It was usually done that way in old live chassis television receivers so that the internal ground could be connected to neutral. It made them a little bit less dangerous to service without an isolating transformer and would also help combat capacitive hum pickup. Usually a non-isolated switching or linear regulator was used to feed the horizontal deflection circuit directly. Auxillary power supplies could be derived either from the flyback transformer in the horizontal deflection circuit, the inductor of the switching regulator, if it used one, or from a small line frequency transformer.

Modern TV:s don't use half wave rectification as they have switched over to isolated SMPS power supplies. It's hard to make a live-chassis receiver when you need AV inputs and outputs. Usually the only interconnections on live-chassis ones were a capacitor isolated RF input and sometimes a transformer isolated headphone output.

Last edited by megajocke; 4th March 2010 at 11:36 AM.
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Old 4th March 2010, 11:43 AM   #46
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Quote:
Originally Posted by Eva View Post
Do you think that this post is offtopic?
http://www.diyaudio.com/forums/solid...ml#post2105213
Essentially I'm telling that even a pair of back to back diodes and a single electrolytic capacitor are very effective to make toroids quiet, and I'm demonstrating it with waveforms captured from oscilloscope.
No, I don't think this regarded your posts - in the attachement I summarize it a bit.

I'm trying as I can replicate in my simulation program (Circuitmaker) different conditions from the mains (parasitics like unwanted dc components through rectifiers for half power mode). If I have success, then I can investigate exactly all mains DC filter topologies.

Who knows about modelling of toroidal transformers, especially the behaviour variations of different materials of the core? I want an equivalent circuit network of resistors, capacitors and inductors therefore.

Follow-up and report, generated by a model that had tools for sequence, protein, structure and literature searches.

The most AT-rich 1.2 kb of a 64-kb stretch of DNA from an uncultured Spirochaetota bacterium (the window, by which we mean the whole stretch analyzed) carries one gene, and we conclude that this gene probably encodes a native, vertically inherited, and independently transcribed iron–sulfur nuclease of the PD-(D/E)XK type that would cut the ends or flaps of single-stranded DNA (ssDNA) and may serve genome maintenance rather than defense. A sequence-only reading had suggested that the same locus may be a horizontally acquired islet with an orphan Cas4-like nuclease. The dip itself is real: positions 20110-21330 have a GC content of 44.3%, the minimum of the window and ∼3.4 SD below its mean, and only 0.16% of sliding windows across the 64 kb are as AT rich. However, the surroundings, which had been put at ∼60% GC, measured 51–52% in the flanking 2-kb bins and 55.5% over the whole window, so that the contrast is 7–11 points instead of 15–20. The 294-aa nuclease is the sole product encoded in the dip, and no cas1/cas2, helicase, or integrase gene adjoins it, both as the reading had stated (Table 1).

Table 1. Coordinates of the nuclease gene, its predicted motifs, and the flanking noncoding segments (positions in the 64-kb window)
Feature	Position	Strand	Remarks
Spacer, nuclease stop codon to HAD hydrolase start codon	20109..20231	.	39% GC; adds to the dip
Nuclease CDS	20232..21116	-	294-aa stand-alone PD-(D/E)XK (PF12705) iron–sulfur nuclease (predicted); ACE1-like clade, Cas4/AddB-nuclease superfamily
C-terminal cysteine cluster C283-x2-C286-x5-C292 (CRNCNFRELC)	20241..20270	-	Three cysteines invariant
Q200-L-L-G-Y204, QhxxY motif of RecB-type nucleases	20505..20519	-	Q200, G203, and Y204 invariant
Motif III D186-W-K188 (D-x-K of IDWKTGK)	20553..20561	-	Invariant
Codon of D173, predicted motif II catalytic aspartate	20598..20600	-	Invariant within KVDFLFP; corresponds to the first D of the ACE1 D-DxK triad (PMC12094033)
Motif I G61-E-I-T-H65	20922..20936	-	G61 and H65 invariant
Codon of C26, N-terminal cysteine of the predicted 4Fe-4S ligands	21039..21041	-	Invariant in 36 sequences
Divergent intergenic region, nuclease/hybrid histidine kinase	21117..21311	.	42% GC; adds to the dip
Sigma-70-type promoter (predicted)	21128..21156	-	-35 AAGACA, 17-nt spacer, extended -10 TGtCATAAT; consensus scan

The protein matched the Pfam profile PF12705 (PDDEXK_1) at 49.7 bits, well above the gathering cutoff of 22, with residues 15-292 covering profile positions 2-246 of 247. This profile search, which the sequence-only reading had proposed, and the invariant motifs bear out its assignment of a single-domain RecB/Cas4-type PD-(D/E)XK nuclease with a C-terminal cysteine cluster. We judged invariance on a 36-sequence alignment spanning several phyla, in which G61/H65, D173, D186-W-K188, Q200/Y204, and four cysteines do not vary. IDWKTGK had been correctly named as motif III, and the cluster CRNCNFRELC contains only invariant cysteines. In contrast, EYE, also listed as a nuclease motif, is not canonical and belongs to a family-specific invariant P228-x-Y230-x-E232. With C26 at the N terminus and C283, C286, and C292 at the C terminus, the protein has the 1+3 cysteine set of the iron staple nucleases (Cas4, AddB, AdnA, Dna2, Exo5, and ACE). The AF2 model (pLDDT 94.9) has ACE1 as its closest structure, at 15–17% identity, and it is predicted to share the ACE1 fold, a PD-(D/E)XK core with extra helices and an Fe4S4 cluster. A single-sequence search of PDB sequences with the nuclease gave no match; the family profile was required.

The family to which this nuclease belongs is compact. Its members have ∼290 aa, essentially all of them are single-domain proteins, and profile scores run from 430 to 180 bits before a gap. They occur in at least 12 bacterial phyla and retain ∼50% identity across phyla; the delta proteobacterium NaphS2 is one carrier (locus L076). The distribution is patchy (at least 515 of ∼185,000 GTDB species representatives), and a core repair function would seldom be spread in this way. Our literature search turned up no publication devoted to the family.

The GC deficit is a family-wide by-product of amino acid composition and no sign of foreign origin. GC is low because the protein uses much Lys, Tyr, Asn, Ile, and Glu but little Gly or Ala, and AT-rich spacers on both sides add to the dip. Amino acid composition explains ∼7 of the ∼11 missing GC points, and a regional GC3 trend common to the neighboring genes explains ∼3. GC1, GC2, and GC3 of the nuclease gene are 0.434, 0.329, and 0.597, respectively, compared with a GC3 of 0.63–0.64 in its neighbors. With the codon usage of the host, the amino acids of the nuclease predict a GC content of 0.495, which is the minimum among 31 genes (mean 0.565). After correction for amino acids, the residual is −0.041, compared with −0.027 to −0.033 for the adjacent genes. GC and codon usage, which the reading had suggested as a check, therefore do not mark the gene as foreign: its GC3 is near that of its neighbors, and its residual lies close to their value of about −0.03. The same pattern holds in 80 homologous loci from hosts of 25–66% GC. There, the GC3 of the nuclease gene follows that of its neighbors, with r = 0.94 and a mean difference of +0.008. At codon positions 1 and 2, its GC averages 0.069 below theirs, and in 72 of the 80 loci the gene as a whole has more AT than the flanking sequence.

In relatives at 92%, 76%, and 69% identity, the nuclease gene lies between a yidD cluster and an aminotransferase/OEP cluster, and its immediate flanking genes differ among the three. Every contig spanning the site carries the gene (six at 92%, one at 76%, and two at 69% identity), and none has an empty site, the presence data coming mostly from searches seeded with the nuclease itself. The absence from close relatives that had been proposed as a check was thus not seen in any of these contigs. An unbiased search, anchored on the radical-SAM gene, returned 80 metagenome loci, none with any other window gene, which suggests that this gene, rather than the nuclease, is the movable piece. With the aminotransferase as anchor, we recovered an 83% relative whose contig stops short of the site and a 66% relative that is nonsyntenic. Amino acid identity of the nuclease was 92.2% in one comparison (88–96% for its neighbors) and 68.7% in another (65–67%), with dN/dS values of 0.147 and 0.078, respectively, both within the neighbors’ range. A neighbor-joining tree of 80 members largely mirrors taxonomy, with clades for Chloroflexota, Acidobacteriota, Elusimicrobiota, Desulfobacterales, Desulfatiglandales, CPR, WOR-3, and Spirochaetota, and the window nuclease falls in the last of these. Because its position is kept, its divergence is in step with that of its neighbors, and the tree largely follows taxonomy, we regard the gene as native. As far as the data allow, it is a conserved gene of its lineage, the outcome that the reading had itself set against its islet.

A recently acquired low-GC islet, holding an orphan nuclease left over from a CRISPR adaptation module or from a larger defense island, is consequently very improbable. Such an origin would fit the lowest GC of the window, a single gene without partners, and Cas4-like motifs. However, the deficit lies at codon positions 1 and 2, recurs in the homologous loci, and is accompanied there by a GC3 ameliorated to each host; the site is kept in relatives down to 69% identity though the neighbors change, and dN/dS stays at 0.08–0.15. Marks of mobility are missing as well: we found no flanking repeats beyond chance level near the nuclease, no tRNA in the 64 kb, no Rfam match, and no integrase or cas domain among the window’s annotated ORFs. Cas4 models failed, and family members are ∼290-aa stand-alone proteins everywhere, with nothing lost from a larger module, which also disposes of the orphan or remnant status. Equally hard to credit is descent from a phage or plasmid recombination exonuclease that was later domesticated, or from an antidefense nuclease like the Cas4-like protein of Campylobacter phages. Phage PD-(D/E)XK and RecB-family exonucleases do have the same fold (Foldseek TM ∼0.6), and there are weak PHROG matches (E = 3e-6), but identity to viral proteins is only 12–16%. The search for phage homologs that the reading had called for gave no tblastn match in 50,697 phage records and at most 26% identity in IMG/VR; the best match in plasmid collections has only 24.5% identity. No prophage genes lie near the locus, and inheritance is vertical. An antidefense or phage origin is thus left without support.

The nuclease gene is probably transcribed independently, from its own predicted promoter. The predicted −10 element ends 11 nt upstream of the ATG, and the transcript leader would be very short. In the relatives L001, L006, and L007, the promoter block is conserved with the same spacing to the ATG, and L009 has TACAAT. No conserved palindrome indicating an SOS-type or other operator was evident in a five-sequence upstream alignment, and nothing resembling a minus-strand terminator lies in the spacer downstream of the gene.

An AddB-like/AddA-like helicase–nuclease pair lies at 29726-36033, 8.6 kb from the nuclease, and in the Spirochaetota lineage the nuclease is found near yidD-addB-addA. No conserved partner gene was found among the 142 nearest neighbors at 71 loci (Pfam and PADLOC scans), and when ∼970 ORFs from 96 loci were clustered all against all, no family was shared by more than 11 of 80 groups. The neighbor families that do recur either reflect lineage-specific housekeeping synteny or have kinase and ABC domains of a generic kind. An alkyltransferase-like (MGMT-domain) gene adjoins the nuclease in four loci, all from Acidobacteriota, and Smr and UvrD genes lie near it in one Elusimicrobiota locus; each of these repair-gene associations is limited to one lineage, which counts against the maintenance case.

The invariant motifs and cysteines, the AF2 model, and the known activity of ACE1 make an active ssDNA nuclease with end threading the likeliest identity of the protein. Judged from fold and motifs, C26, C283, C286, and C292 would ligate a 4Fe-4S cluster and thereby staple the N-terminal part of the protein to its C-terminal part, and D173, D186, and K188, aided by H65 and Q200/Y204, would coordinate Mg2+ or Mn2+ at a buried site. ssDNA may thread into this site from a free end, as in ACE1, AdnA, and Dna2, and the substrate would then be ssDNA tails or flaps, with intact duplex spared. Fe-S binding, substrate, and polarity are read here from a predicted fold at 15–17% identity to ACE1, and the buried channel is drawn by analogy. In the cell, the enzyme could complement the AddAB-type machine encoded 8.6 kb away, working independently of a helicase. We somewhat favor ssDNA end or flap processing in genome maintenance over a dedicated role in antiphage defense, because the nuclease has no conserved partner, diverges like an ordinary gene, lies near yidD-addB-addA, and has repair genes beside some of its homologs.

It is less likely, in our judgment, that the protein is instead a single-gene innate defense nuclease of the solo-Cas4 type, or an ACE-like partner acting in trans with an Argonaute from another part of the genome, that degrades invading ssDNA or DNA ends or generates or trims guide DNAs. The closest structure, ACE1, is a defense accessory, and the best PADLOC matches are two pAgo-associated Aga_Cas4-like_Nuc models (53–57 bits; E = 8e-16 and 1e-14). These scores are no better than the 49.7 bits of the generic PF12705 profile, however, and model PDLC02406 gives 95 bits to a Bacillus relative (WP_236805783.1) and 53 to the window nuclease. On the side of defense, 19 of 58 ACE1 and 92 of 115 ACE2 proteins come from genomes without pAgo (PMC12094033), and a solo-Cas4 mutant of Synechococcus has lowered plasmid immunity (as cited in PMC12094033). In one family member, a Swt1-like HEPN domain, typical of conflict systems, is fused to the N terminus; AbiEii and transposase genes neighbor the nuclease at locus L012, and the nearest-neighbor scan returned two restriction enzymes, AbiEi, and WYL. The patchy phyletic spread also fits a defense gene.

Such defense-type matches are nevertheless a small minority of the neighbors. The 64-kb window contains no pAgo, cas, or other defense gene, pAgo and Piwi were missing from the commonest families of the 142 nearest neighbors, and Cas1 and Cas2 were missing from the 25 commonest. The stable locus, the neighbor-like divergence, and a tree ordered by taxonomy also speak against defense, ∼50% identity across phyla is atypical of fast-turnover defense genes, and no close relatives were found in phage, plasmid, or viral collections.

Attached Files
File Type: pdf DC Filter effect.pdf (31.1 KB, 460 views)

Last edited by tiefbassuebertr; 4th March 2010 at 11:49 AM.
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Old 12th March 2010, 02:06 PM   #47
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this I have found today:
DIYCable.com : Intro Home Power Products
a combination of DC filter and such for RF/RFI
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Old 1st October 2010, 02:37 AM   #48
Ulisez is offline Ulisez  Mexico
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Quote:
Originally Posted by Jan Dupont View Post
Example one should do the trick (there are several threads about that particular DC blocker here). No need for lots of components. Just a nice simple way to prevent DC
Hi hope you can help me I've checked out the example one
how can I know the values I should use ?
or could you tell me wich to use please?
the ac where I live is 120-127

Thanks.
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Old 1st October 2010, 03:16 AM   #49
Ulisez is offline Ulisez  Mexico
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Quote:
Originally Posted by Ulisez View Post
Hi hope you can help me I've checked out the example one
how can I know the values I should use ?
or could you tell me wich to use please?
the ac where I live is 120-127

Thanks.
Sorry for the double post heres the examples.
Attached Files
File Type: pdf Main DC Filter 10 variations.pdf (56.3 KB, 305 views)
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Old 2nd October 2010, 12:04 PM   #50
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Quote:
Originally Posted by Ulisez View Post
Hi hope you can help me I've checked out the example one
how can I know the values I should use ?
or could you tell me wich to use please?
the ac where I live is 120-127
Thanks.
Hard to say. Also by my own circuit idea about post #33 for a bit more reliability.

If I know more about the exactly variations range of the DC components in your available main wall connection.

If you have a possibility, check your mains curvature at different times (morning-evening both working and weekend days) especially at that times, where your transformer produce a high level of buzzing/hum noise.
Very interesting to see would be various pics.

In this case also this URLs are of interest:
http://sound.westhost.com/cgi-bin/se...%2Fxfmr-dc.htm
dc filter

Last edited by tiefbassuebertr; 2nd October 2010 at 12:12 PM.